Oklahoma railroad system maps, past and present

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1917TulsaRailMap.jpgToo tired tonight to do much more than link. I've been working on a post about the Oklahoma City Union Station rail yard / I-40 relocation controversy, but it's not ready. For now, here are links to some maps and other information about the history of the state's rail network, from most recent to oldest:

From the Oklahoma Department of Transportation's website. (Note how much of the network is owned by ODOT and leased to various railroads, including the entire Frisco route from Tulsa to Oklahoma City.)

University of Alabama collection of historical Oklahoma maps. The browser is annoying, and you can't download high res copies, but there's some very interesting material here, including:

Note the interurbans connecting Bartlesville to Dewey, Nowata to Coffeyville, Oklahoma City to Norman, El Reno, and Guthrie, Lawton to Ft. Sill, McAlester to Hartshorne, Shawnee to Tecumseh, and Miami to the rest of the Tristate mining region. As far as I can tell, only Tulsa's interurban lines -- Sand Springs and Tulsa-Sapulpa Union (originally the Oklahoma Union Traction Ry.) -- remain in operation, as freight-only short lines.

OkGenWeb's 1915 state map with a list of railroad names and abbreviations -- high res scan

Doug Loudenback's high res scan of a 1905 map and gazetteer of the Twin Territories.

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9 Comments

Paul said:

Was Rudd on the Katy Railroad near Harvard Avenue where a spur connected to the fairgrounds? Was Rudd a small community?

Based on some other maps, I'm inclined to think it was closer to Yale. There was at least one other spur just west of Yale, connecting to a lumber yard on the north side of the expressway. (There was a traffic light to stop cars on the BA when the spur was in use.) I've never heard of a community called Rudd. That would also have been an active coal mining area at the time, so Rudd may be the name of a mining company.

Paul said:

I'd never heard of Rudd, either.

I think Reid Spur was near to what is currently the northeast corner of 31st and Yale. "RUDD" appears in larger lettering between Reid Spur and Kendall, so I was guessing that Rudd might have been associated with another spur which ran along the west branch of Joe Creek from the main Katy line just east of Harvard toward 21st and Pittsburg.

Carol McKelvey said:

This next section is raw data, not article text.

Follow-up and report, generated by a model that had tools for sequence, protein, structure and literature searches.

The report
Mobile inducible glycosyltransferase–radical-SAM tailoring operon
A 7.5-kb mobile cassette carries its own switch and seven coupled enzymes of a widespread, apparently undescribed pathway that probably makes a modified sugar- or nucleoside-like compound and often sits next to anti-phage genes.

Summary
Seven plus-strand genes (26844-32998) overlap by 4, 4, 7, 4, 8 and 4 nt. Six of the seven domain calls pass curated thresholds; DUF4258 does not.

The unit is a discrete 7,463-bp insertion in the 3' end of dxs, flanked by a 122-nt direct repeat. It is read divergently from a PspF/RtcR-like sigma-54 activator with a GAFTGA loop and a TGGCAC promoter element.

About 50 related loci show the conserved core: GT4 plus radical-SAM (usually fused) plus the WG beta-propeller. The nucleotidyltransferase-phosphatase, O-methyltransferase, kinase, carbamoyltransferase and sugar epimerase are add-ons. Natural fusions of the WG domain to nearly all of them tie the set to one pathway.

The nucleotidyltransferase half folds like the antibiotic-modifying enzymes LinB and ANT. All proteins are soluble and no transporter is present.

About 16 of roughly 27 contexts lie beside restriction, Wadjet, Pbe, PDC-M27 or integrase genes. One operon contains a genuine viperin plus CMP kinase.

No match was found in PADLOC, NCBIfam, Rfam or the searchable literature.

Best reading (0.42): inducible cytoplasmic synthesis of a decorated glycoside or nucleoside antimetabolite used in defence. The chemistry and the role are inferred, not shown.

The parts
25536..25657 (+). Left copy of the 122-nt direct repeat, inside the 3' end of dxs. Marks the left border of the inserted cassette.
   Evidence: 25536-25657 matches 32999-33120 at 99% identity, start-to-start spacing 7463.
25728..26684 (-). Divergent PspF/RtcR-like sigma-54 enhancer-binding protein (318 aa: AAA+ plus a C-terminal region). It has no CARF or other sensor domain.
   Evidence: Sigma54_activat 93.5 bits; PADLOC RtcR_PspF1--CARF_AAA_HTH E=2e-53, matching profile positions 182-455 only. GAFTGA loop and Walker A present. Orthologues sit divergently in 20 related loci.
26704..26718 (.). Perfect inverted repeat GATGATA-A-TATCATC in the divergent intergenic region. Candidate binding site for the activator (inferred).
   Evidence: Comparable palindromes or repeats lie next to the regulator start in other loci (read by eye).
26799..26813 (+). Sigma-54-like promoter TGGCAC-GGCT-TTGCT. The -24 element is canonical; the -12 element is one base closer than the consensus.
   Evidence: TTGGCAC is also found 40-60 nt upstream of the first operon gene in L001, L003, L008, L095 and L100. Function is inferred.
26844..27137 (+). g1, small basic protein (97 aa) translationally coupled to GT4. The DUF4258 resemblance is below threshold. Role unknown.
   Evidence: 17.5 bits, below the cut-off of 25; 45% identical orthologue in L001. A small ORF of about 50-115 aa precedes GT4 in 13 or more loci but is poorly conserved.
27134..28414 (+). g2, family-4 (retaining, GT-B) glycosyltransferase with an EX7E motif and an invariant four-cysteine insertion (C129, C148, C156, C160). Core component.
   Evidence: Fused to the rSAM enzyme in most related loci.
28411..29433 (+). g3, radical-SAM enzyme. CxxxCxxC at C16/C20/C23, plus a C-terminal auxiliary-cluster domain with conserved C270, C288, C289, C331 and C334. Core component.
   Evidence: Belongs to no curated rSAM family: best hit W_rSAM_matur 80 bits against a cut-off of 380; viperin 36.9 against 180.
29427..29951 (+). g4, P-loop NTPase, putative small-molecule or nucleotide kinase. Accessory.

My gggrandparents were killed in a train wreck in Oklahoma Nov 21, 1941. I cannot find any information about this accident. I think it was in the Stillwater area. Does anyone know what rail line this might have been?

Mark said:

Carol,

Stillwater Oklahoma is located on what was formerly the Eastern Oklahoma Railway a subsidary of the Atchison,Topeka & Santa Fe Railway. This branch was sold by the Santa Fe in 1998 to the Stillwater Central Railroad a subsidary of the Watco Companies. Stillwater News Press is the local newspaper. Hope this helps.

Nancy Bauder said:

My grandfather listed his home address on his 1917 draft registration as Bisbee, OK. I found a site which listed Bisbee as a place on a rail line, maybe the C,O, & G. Does anyone know where this was? They tended to live in the OKC to Shawnee area.

Frank Patterson said:

In approx. ~1870-1875 my great grandfather is believed to have owned stables of mules leased out to work on(construct)an OK railroad near the Red River. If this makes sense to anyone I'd like to fit the pieces of history together.
End

That was the period in which the Missouri, Kansas, & Texas Railroad was building the first railroad across Indian Territory, starting on the Kansas border and building toward Texas, following the Texas Road. US 69 parallels the line through most of its length in Oklahoma. Near the Red River it passes through Durant, Oklahoma, and Denison, Texas.

Rachel said:

I'm curious about the history of railway development around Owasso. I'm doing a research project for a site on East 76th Street North, and it appears as if it is bordered by a segment of the Atchison, Topeka and Santa Fe Railway, though it is tough to tell how long that railway has been there just by looking at old topographic maps and aerial photos. I know from my readings that in 1897, the Kansas, Oklahoma Central & Southwestern Railway Company acquired right-of-way approximately three miles northwest of the Elm Creek Settlement, which I think could potentially be my site. And additional information you might have would be appreciated.

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This page contains a single entry by Michael Bates published on May 5, 2009 12:26 AM.

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